Journal of Operational Risk

Marcelo Cruz

Welcome to the Welcome to the fourth issue of the fifth volume of The Journal of Operational Risk. With this issue we close the fifth year of The Journal of Operational Risk. This has been a particularly interesting year as discussions in the risk community centered around the possible economic recovery from the great recession, and whether this feeble recovery would last. It is still questionable when we are going to emerge from this economic mess, and this uncertainty brings considerable volatility to the markets, which increases the overall risk.

On the regulatory side, Basel III is starting to become a reality now. The measures involved have been agreed by world leaders and a Basel Committee consultative paper is due out any day now. This new set of rules significantly increases the capital that a bank should hold. However, institutions will have a reasonably long time to implement these rules, and this gives banks time to prepare and capitalize. Although these Basel III rules do not explicitly impact operational risk, we are likely to have a much more risk-averse, back-to-basics banking system in the next few years. Quite a few large investment banks have announced that they are to close their proprietary desks, and these prop traders are now flocking into hedge funds, either creating new ones or going to more established hedge funds. It is interesting to see that risk taking is not dead, just trading places.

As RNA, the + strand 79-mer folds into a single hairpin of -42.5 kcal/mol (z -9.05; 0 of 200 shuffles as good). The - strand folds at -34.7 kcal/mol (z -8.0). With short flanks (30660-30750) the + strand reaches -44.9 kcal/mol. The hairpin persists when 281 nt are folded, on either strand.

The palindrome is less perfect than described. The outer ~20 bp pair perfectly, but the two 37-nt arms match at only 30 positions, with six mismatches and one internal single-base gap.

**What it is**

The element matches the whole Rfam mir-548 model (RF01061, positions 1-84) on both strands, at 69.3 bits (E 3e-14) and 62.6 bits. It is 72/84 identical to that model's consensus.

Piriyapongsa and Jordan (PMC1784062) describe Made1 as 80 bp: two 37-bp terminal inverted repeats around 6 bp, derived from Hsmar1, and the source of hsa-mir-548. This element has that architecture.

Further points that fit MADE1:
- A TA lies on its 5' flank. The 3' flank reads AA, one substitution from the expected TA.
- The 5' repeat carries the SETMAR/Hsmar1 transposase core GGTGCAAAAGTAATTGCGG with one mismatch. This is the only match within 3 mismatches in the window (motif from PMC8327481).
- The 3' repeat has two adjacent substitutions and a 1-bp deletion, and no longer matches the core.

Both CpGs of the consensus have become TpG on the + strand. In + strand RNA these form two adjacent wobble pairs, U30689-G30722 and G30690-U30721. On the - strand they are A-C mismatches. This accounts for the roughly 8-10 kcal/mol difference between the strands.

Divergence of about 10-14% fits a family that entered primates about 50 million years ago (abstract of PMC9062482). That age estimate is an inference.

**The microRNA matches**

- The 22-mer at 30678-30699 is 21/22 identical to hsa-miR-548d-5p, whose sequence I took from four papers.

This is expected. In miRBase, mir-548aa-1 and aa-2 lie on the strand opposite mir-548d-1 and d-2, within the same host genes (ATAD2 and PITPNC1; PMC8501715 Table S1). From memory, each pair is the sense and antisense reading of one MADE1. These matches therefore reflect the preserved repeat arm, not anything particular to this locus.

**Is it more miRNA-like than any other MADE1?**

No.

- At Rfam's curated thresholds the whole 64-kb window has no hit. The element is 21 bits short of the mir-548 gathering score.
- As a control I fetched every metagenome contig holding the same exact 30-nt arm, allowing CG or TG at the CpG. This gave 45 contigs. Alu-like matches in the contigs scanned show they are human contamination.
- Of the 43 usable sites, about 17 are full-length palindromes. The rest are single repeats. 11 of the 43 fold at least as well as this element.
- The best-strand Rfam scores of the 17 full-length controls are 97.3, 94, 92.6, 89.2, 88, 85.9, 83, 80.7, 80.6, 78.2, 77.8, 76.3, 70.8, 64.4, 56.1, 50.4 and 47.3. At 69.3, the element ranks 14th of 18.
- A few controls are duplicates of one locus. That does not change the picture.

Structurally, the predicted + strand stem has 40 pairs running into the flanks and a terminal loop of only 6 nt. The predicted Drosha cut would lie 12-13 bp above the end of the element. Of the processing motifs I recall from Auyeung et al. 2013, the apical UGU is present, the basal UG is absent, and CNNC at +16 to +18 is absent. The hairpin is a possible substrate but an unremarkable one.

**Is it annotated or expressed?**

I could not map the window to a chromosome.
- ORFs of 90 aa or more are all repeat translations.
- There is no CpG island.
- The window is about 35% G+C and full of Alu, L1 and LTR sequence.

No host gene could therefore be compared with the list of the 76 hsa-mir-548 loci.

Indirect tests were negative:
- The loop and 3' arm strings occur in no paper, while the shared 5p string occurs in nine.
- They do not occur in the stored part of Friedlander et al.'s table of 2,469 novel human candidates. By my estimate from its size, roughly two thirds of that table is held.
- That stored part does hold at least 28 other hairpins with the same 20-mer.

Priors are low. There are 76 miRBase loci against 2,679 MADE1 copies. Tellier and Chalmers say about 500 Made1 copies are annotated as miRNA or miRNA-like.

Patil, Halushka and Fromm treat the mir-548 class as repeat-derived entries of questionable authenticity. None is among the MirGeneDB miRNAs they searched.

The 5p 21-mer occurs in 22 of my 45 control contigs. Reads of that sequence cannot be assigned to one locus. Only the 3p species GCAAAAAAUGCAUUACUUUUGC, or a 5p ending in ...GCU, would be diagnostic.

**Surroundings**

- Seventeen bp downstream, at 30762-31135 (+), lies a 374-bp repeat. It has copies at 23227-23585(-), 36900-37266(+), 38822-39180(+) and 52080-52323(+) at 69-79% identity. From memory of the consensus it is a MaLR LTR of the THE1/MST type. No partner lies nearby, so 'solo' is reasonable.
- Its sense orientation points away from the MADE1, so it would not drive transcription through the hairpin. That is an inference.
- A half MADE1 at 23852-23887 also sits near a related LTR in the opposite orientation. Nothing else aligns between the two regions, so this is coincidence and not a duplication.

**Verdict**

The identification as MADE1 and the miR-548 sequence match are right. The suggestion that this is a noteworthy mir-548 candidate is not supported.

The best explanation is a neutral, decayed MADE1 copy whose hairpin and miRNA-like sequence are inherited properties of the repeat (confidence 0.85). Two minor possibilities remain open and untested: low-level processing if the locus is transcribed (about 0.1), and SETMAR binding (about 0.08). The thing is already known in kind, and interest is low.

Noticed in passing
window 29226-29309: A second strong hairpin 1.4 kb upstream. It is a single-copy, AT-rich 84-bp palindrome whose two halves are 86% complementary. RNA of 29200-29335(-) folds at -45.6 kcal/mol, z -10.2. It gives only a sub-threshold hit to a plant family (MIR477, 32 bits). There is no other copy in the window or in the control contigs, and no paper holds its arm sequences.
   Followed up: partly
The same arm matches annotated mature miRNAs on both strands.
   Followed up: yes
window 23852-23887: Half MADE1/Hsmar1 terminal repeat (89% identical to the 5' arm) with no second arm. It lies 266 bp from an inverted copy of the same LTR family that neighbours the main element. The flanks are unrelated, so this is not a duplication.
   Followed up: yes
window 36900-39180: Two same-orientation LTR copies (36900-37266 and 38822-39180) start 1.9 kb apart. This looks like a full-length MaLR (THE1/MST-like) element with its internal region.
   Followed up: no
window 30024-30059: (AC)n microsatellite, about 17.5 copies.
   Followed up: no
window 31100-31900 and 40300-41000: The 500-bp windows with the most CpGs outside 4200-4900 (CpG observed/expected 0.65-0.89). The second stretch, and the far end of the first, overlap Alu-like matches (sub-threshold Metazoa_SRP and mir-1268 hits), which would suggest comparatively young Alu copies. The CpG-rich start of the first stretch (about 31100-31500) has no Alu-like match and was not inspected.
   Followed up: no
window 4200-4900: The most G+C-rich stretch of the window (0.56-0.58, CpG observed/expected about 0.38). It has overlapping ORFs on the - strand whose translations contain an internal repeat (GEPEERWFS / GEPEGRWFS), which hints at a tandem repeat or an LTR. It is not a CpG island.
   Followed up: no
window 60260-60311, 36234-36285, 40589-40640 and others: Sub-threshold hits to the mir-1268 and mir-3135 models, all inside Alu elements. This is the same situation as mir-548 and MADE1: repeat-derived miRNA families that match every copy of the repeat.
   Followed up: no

I would like to encourage authors to continue submitting to the journal.We at The Journal of Operational Risk would be happy to see submissions containing practical, current views of relevant matters, as well as papers focusing on the technical aspect of operational risk. Again, I would like to emphasize that the journal is not solely intended for academic authors.


In this issue, we bring you four technical papers. These papers are very diverse and deal with the varying challenges that the industry faces these days. However, a common thread that at least three of these papers tackle is the issue of running time. As firms are making constant progress with data collection, they are learning the complexities of running operational risk measurement systems with many hundreds of thousands of data points. They are also learning where analysts can best use diverse models for frequency and severity and also how to aggregate these distributions. Running time is quickly becoming an issue for most firms and making sure that the best result is achieved using the fewest possible resources shows that our industry is entering a new phase. To exemplify this point, two of the papers in this issue deal with novel ways of handling aggregation of frequency and severity distributions. This aggregation can be time-consuming from a computational standpoint. Quite often, firms use parallel computing to run these simulations more quickly. In this issue, one author suggests a single-loss approximation and another group of authors suggest fast Fourier transforms as possible ways of increasing speed. Another paper suggests a method that allows analysts to select the least number of fitting distributions possible. It is interesting to see operational risk moving to this new phase.